The “Abundant Reserve” System Crushes the Fed

Fifteen years ago, in 2008, the Federal Reserve started an experiment in monetary policy, switching from a “scarce reserve” system to one based on “abundant reserves.” This switch has created massive problems that are hitting not just the private banking system but the Fed itself.

During the 2008 Financial Panic, the Fed argued that the financial system was so frail it required a bigger Fed balance sheet. Afterwards, the Fed said the non-inflationary growth from 2009 - 2019 showed the system worked. During COVID, the Fed doubled down with even more Quantitative Easing (QE). The result? Inflation at a forty-year high and government agencies bailing out banks and depositors.

More importantly, the Fed apparently hadn’t anticipated what would happen to its own financial situation when it couldn’t hold interest rates at artificially low levels anymore. The Fed’s most recent year-end financial report showed that the Fed has a $1.1 trillion unrealized loss on its massive bond portfolio, easily dwarfing its capital. And because the Fed now pays interest on bank reserves it is losing roughly $25 billion every quarter, a run rate of a $100 billion loss per year. At the same time, the Fed’s operating budget requires $9 billion a year.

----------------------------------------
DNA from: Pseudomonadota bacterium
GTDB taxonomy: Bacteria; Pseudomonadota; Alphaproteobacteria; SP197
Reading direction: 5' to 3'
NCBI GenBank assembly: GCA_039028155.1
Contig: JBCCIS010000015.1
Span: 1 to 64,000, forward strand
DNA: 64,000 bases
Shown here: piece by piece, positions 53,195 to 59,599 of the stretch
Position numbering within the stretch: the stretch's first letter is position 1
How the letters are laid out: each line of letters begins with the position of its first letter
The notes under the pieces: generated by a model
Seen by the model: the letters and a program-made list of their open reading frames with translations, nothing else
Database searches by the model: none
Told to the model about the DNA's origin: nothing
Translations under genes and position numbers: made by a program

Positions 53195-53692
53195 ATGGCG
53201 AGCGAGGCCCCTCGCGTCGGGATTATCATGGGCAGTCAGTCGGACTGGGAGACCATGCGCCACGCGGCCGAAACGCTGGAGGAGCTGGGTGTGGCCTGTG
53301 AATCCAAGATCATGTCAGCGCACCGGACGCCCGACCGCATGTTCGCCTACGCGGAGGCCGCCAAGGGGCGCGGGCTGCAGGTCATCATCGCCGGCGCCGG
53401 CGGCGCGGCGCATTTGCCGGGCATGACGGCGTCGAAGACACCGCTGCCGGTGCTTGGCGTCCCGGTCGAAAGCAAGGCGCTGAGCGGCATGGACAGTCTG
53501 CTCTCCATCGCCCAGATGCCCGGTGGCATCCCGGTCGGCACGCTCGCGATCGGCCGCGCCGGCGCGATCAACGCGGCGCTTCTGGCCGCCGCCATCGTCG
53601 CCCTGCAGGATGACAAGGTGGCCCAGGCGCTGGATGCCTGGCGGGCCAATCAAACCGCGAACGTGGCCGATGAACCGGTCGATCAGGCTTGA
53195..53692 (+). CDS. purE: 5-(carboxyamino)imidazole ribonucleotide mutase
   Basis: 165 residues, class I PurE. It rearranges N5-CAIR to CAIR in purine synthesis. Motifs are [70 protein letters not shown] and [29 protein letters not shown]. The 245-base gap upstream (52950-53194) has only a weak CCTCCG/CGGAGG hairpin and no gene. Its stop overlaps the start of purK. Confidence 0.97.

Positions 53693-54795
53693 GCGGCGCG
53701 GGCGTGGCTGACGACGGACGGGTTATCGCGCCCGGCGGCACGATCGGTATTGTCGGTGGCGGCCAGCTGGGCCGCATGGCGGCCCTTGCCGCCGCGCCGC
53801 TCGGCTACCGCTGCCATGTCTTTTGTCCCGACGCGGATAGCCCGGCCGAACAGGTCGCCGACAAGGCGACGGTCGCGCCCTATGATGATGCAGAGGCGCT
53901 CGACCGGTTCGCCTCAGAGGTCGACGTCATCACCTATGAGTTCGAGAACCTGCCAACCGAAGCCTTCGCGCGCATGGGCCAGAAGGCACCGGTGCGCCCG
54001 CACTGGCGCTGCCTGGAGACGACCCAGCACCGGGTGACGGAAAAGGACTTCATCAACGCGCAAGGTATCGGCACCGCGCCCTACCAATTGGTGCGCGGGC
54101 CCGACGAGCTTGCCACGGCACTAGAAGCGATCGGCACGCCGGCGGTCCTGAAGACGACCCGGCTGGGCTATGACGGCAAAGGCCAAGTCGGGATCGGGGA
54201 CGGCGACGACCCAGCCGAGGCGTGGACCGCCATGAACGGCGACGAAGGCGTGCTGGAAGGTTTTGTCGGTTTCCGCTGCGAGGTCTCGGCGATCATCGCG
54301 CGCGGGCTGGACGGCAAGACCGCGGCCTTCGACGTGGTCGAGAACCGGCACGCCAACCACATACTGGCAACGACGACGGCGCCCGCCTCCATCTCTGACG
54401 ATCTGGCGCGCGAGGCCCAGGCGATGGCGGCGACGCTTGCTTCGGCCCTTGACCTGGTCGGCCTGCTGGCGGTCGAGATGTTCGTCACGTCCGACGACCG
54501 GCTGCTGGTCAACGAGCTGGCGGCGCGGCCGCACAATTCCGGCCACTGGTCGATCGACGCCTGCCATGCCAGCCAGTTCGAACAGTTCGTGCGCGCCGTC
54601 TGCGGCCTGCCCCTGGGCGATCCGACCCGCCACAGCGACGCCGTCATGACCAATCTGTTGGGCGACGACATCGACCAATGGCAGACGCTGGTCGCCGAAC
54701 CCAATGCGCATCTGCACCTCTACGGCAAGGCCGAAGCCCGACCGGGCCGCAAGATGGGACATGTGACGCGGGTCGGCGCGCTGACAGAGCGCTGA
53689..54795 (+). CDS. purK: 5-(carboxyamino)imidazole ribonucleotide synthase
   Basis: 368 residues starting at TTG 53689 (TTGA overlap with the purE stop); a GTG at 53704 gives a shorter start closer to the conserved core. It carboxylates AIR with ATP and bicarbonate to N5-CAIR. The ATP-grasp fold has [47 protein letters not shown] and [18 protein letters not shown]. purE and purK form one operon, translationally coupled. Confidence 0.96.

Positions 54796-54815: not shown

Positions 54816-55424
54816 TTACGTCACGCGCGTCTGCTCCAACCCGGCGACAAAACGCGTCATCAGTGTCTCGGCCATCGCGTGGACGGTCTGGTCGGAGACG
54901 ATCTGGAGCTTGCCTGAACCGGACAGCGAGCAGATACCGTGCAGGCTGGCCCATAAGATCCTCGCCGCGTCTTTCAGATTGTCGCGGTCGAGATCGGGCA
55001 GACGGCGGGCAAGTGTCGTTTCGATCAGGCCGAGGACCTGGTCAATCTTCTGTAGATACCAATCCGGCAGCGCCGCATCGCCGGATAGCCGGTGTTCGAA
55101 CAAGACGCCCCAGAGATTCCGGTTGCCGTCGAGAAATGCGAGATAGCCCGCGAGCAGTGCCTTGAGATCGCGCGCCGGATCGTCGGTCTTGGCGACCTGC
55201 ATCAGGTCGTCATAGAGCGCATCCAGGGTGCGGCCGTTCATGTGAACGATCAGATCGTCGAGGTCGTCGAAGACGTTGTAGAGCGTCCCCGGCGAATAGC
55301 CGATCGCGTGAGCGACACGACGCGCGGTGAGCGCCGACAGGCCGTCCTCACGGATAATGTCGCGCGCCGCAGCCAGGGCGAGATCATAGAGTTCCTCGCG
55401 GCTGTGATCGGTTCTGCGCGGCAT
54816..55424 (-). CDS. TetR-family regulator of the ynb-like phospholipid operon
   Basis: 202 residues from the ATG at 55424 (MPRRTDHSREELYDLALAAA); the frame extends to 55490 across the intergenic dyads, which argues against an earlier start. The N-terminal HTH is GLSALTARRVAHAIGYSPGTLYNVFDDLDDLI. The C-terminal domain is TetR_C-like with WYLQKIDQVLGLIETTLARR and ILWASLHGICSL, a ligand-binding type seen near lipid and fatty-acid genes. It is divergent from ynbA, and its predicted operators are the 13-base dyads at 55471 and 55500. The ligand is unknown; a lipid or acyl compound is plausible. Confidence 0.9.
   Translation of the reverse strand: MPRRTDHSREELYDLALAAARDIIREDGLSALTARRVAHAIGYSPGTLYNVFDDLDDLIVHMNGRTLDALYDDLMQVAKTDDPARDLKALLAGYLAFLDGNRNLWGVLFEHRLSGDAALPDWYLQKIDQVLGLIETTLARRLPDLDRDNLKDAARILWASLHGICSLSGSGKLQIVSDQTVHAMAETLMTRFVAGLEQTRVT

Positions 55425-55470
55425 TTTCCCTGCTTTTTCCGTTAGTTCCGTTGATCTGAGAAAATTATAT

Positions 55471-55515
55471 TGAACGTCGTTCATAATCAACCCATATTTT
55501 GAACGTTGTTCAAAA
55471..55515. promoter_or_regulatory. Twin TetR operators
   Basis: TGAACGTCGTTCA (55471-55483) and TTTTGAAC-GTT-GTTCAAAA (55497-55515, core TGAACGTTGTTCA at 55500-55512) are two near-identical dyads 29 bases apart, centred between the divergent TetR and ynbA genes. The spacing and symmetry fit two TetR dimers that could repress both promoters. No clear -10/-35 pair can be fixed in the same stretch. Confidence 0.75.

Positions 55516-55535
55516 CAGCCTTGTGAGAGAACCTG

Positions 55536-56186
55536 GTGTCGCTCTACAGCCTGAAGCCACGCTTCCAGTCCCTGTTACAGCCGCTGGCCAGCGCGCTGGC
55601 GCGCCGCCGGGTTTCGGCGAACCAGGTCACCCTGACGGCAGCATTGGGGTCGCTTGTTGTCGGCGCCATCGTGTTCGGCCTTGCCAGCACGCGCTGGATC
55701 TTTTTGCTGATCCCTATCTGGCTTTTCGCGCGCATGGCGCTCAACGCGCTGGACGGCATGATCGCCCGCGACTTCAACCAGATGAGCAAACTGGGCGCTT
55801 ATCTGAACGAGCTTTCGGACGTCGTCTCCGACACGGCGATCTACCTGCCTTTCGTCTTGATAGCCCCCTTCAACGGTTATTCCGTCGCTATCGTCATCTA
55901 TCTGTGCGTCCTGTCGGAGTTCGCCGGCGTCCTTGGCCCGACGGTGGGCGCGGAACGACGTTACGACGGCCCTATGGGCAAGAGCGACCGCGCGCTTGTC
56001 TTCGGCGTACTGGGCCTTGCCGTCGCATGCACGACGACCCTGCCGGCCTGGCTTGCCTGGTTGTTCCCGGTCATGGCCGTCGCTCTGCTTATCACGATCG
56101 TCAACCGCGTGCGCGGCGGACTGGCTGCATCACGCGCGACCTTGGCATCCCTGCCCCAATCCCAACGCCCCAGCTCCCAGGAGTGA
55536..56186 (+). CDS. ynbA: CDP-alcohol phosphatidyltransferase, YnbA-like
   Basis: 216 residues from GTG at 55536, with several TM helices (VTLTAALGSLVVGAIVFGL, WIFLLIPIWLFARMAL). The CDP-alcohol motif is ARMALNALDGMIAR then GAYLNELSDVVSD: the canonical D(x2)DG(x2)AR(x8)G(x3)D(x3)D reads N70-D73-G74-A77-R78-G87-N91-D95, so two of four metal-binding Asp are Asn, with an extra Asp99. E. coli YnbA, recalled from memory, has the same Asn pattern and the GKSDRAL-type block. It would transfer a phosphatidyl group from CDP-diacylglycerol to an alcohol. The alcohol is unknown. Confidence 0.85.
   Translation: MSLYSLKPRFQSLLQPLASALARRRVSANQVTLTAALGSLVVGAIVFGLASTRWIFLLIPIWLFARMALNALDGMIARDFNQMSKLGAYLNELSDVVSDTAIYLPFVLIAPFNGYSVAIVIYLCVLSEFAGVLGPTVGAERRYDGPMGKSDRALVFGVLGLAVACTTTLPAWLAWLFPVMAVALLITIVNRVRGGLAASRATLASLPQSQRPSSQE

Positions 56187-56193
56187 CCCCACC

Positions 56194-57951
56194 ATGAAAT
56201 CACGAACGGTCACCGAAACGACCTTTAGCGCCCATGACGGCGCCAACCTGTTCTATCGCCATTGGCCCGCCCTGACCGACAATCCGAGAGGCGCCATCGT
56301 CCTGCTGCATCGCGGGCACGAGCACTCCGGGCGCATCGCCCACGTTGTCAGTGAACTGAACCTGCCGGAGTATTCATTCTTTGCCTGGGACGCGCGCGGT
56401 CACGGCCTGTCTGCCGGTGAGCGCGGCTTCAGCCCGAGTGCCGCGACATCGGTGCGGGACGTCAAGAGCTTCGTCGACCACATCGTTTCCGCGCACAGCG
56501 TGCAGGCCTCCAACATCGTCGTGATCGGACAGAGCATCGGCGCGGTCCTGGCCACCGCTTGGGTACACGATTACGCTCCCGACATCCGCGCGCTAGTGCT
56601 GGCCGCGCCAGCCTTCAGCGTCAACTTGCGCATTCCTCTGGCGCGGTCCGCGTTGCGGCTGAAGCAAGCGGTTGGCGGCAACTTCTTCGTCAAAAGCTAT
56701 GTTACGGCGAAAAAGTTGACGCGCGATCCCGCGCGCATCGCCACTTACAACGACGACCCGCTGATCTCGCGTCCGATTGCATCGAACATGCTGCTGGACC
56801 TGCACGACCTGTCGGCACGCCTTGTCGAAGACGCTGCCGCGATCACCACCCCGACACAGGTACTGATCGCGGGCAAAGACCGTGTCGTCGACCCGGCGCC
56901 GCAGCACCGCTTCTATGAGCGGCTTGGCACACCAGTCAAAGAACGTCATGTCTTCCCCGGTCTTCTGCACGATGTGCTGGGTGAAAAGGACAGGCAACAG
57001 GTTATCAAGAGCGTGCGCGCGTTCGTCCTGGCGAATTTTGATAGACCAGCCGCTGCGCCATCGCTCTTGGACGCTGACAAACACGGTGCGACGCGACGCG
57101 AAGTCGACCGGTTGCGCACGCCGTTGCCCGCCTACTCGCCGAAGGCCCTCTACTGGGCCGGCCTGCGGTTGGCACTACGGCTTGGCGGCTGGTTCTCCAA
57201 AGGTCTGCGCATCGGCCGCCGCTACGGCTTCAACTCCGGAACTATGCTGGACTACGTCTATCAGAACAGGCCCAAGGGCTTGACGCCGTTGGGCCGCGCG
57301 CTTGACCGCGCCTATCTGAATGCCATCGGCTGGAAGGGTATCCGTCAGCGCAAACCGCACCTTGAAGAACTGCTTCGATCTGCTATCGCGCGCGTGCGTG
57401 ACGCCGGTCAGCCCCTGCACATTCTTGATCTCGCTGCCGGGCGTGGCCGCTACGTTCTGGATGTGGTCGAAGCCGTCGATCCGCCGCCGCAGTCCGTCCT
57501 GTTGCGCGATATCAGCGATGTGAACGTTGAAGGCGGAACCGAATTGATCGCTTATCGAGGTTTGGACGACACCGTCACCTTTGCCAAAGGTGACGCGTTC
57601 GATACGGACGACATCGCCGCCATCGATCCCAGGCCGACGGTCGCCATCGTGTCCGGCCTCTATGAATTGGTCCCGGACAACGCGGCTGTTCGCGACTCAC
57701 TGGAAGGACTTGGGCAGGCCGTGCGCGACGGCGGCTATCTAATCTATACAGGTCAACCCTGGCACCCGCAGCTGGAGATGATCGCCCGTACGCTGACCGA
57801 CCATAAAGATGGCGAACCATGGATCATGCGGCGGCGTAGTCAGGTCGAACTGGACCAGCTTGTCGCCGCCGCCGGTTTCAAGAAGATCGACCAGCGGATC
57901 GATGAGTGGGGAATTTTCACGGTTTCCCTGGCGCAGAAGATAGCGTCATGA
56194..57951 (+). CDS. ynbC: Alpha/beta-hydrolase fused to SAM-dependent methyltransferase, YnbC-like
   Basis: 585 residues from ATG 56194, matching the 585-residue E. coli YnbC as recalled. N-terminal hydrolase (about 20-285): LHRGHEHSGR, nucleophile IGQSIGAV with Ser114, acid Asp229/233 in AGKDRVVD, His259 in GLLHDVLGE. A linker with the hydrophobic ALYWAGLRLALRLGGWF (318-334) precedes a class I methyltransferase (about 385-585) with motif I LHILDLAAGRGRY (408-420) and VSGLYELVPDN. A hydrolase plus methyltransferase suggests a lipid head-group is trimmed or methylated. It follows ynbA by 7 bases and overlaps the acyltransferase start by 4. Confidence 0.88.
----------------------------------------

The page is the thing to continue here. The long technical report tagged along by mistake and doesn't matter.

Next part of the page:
What we’d like to know is how the Fed is paying for its operating budget? Where is it getting the money to pay for wages and salaries? Does the Fed print new money to pay for its budget? Does the Fed borrow from the Treasury without authorization from Congress? Or does the Fed borrow from banks, using the repo market to pay its salaries? We’ve been trying to contact the Fed to find out, but no one has responded.

To understand this new system, it is important to compare it to the old system. Under the “scarce reserve” model, when a bank got a $100 deposit, it would keep roughly $10 in reserves at the Fed. At the end of 2007, banks had $7.5 trillion in deposits (measured by M2) and the Fed’s balance sheet was $850 billion. So, the Fed’s balance sheet (bank reserves plus its capital) was roughly equal to 11% of bank deposits.